This is the line in which I add some witty remark which provides a smooth segue into the next part of this section.
Schools in Japan have a sports festival day once a year, in which they put on a little pageant/parade type thing and run relay races and stuff like that. The thing is, at the junior high school level these sports days are held on weekdays, so very few parents or others can attend. That does not mean, however, that they don't prepare. Two of my school have been rehearsing nearly every day for two weeks. The school is split into three teams, each consisting of students in all three classes. The three teams at one school are called "Red," "White," and "Blue." And I don't mean the colors, I mean the words. In English. My, they love English here (but hold that thought for a moment). There is even a dance contest between the three teams, where they each perform a dance that they made up themselves. The only audience, though, is the other two teams. I am not sure how the winner is decided. Maybe they fight.
Anyway, the point is that there is all this preparation of pageantry and ceremony (another thing they love here is pomp and circumstance), but the only people who see it are the students and teachers, and maybe a scattering of a dozen or so extras. It seems strange to rehearse that long for something and then not have anyone watch it -- this is the kind of thing that parents in the US eat up with a spoon. Could you imagine a junior high school in the States putting on a play or something and having no parents show up?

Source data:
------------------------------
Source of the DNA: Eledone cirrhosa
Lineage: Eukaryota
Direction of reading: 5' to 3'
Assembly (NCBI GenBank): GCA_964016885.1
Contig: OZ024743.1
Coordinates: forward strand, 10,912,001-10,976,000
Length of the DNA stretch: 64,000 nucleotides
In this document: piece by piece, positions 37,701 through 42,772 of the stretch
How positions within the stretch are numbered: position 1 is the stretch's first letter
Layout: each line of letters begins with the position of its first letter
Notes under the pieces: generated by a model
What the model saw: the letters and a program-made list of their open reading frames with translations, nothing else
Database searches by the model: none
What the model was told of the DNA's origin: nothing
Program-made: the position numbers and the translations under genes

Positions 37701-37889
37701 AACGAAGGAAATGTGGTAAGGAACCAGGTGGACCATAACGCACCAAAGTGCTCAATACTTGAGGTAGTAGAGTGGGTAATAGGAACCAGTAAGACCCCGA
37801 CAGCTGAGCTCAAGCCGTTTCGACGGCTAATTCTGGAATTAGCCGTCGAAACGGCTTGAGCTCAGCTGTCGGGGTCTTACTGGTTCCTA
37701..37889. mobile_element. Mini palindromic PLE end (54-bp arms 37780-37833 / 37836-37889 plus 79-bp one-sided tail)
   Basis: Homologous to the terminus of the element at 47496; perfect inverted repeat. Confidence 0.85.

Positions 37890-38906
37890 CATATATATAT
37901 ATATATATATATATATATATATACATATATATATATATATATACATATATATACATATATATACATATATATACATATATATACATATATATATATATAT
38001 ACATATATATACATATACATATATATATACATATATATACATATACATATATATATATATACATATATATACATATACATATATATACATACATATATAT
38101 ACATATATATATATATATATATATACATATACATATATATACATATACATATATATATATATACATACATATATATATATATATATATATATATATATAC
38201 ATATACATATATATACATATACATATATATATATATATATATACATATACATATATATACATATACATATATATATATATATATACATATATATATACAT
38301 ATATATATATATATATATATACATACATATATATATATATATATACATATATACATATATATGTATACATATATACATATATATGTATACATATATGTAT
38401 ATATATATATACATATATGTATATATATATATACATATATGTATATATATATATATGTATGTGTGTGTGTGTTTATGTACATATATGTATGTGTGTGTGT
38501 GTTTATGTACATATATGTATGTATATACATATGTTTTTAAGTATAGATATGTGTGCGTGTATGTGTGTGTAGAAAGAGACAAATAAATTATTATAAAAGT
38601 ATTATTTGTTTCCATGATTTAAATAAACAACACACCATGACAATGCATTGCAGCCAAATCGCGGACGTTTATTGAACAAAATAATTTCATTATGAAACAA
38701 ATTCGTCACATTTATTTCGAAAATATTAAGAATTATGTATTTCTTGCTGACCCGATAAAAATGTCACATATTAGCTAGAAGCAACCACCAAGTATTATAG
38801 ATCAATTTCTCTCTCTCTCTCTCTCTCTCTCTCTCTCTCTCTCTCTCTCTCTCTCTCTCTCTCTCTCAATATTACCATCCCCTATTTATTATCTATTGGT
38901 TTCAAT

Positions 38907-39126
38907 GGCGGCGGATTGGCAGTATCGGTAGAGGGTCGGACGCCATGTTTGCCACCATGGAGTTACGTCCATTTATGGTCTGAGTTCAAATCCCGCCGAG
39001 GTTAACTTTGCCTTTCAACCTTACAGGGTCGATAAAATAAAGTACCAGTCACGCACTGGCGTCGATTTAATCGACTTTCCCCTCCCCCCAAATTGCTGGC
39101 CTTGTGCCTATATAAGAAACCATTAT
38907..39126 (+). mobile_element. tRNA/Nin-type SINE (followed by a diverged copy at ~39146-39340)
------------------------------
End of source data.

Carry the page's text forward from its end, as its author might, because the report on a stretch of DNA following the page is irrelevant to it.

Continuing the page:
This is already too long, but I have just one more cultural comment. As I mentioned briefly above, people here love to use English. Even when they don't know it. The results are sometimes very funny. I am sure that I will have quite a collection of these by the time I leave, but I'll give a few examples to whet your appetite. There is a store in Tokyo (right next door to Condomania, actually), called ěDFW.î It stands for ěDon't Forget Woman.î Yes, it is a womenís clothing store. At many of the train stations there are little snack/newspaper stands. It seems to be a national chain, actually. Their name is "Let's Kiosk." I never get tired of turning to whomever I am with and saying "Hey! I have an idea, let's kiosk today!" And after we do that, maybe we won't forget woman. The Japanese also like to use English acronyms, except they shorten them. So, UFO is the Japanese word for unidentified flying objects, too, except itís not pronounced UFO. Itís pronounced "you-fo." A VIP is a "veep," which I have actually heard in the states, too. I haven't heard anyone here say "you-say" or "you-sah" or "us-ah" rather than USA, but I think itís only a matter of time.